|Agency||Federal Housing Finance Agency|
|Rule Name||Fannie Mae/Freddie Mac Guarantee Fees|
|Comment Due Date||09/08/14|
The Federal Housing Finance Agency (FHFA) is requesting input on proposed increases to guarantee fees (g-fees) that Fannie Mae and Freddie Mac (the Enterprises) charge lenders and whether raising these fees would adversely affect mortgage lending. The move is part of FHFA’s efforts to shrink the Enterprises’ footprint.
The Enterprises receive g-fees in return for providing a credit guarantee to ensure the timely payment of principal and interest to investors in Mortgage Backed Securities (MBS) if the borrower fails to pay. The MBS, in turn, are backed by mortgages that lenders sell to the Enterprises. The proposed changes were announced on December 9, 2013, and on January 8, 2014, Director Melvin L. Watt suspended implementation pending further review.
The proposed changes include an across-the-board 10 basis point increase, an adjustment of up-front fees charged to borrowers in different risk categories and elimination of the 25 basis point Adverse Market Charge for all but four states.
There are two types of g-fees: ongoing and upfront. Ongoing fees are collected each month over the life of a loan. Upfront fees are one-time payments made by lenders when a loan is acquired by an Enterprise. Fannie Mae refers to upfront fees as loan level pricing adjustments (LLPAs) and Freddie Mac refers to them as delivery fees. Both ongoing and upfront types of fees serve the purpose of compensating the Enterprise for providing a credit guarantee. The Enterprises have relied primarily on upfront fees to reflect differences in risk. Alternatively, the Enterprises could charge risk-based ongoing fees. The preference for charging lenders upfront fees is based primarily on operational considerations, as upfront fees are easier to implement. Very frequently, upfront fees are converted by the lender to an ongoing equivalent and reflected in the mortgage rate paid by borrowers.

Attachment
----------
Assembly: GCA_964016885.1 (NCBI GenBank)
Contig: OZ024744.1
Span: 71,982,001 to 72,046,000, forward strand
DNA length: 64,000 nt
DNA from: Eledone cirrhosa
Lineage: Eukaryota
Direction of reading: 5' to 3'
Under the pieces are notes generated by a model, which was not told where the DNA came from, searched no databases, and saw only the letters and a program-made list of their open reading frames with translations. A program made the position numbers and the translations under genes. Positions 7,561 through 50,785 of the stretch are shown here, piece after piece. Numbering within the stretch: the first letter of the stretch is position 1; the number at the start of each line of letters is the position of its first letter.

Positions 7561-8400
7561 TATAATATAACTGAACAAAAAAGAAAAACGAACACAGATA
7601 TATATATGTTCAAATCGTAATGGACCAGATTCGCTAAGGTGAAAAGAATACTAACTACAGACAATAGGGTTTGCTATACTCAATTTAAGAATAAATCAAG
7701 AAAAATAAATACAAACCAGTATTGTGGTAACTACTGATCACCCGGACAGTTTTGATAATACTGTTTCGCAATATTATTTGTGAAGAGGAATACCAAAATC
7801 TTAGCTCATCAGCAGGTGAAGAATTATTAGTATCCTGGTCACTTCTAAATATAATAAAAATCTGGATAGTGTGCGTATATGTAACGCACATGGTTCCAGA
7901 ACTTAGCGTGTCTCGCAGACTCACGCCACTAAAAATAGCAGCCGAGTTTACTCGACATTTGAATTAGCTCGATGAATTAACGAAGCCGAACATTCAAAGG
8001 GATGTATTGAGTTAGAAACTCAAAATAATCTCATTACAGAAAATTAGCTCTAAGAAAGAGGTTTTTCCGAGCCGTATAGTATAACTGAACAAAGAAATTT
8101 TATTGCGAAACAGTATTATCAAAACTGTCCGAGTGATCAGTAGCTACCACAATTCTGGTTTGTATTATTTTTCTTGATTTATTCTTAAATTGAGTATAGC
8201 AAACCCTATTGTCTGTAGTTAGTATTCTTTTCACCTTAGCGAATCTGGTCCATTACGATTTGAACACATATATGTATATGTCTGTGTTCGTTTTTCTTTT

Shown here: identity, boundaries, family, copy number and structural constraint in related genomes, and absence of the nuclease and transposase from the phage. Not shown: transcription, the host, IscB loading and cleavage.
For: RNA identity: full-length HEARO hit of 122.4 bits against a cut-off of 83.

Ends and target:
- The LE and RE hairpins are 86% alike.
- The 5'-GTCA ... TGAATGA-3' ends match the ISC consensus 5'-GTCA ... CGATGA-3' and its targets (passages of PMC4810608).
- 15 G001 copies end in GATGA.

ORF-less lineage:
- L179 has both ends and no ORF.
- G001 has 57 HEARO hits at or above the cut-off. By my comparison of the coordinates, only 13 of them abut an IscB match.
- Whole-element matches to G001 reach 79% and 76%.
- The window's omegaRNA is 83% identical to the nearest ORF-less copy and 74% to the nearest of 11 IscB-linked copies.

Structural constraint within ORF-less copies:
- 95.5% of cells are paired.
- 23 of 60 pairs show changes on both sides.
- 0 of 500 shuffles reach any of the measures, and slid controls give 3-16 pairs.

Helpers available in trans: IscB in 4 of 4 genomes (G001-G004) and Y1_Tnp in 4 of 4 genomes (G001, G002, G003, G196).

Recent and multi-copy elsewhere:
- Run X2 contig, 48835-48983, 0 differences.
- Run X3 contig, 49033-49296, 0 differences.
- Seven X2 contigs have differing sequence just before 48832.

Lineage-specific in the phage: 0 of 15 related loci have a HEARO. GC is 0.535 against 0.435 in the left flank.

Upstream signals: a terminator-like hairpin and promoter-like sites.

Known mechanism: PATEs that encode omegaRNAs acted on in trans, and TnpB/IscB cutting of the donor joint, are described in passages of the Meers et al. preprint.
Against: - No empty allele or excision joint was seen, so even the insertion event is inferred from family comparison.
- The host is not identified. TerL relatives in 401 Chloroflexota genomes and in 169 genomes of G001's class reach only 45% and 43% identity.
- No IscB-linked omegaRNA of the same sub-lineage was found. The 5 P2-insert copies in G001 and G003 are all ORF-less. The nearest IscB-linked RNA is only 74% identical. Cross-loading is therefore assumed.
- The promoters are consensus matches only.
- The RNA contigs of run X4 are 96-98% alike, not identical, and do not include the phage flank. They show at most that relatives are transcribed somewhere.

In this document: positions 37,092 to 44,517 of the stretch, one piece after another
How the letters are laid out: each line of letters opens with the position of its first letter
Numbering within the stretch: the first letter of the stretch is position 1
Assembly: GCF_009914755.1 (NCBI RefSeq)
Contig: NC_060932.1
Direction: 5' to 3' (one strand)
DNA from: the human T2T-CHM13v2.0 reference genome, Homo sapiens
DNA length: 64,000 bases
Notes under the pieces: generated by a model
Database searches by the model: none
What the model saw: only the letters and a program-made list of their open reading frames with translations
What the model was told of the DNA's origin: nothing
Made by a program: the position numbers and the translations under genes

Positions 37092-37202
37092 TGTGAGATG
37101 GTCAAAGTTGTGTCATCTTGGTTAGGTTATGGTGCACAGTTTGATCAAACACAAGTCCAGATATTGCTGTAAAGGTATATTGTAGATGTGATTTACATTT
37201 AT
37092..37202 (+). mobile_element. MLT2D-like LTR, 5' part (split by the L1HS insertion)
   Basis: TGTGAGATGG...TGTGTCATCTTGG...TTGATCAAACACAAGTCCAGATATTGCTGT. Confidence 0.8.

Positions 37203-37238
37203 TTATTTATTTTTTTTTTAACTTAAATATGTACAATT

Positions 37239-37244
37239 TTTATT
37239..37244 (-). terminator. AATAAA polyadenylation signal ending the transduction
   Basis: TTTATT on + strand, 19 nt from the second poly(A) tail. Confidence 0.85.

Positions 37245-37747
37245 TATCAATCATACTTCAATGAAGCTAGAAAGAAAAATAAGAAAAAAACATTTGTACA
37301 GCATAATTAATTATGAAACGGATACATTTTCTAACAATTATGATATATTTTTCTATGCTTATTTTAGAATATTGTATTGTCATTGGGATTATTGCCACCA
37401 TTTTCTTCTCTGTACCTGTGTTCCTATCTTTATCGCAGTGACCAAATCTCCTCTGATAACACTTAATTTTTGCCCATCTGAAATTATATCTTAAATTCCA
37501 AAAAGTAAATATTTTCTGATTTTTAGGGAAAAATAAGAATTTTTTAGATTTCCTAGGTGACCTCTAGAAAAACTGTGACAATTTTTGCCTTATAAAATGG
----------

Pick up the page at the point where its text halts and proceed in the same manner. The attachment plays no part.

The Enterprises charge g-fees to cover three types of costs that they expect to incur in providing their guarantee: (1) the costs that the Enterprises expect to bear, on average, as a result of failure of borrowers to make their payments; (2) the costs of holding economic capital to protect against potentially much larger, unexpected losses as a result of failure of borrowers to make their payments; and (3) general and administrative (G&A) expenses. Collectively these three costs are the estimated cost of providing the credit guarantee.
The Request for Input does not provide any specific recommendations; instead, it asks a series of 12 questions about how such fees are set and what their impact has been in the broader market. While the Leagues highlight several of the questions posed, we recommend you review the entire Request for Input and comment on any or all of the 12 questions.
The FHFA said it wants to ensure that the government-sponsored enterprises set fees at a level that cover the expected credit losses, the cost of capital, and administrative expenses — as well as turn a profit.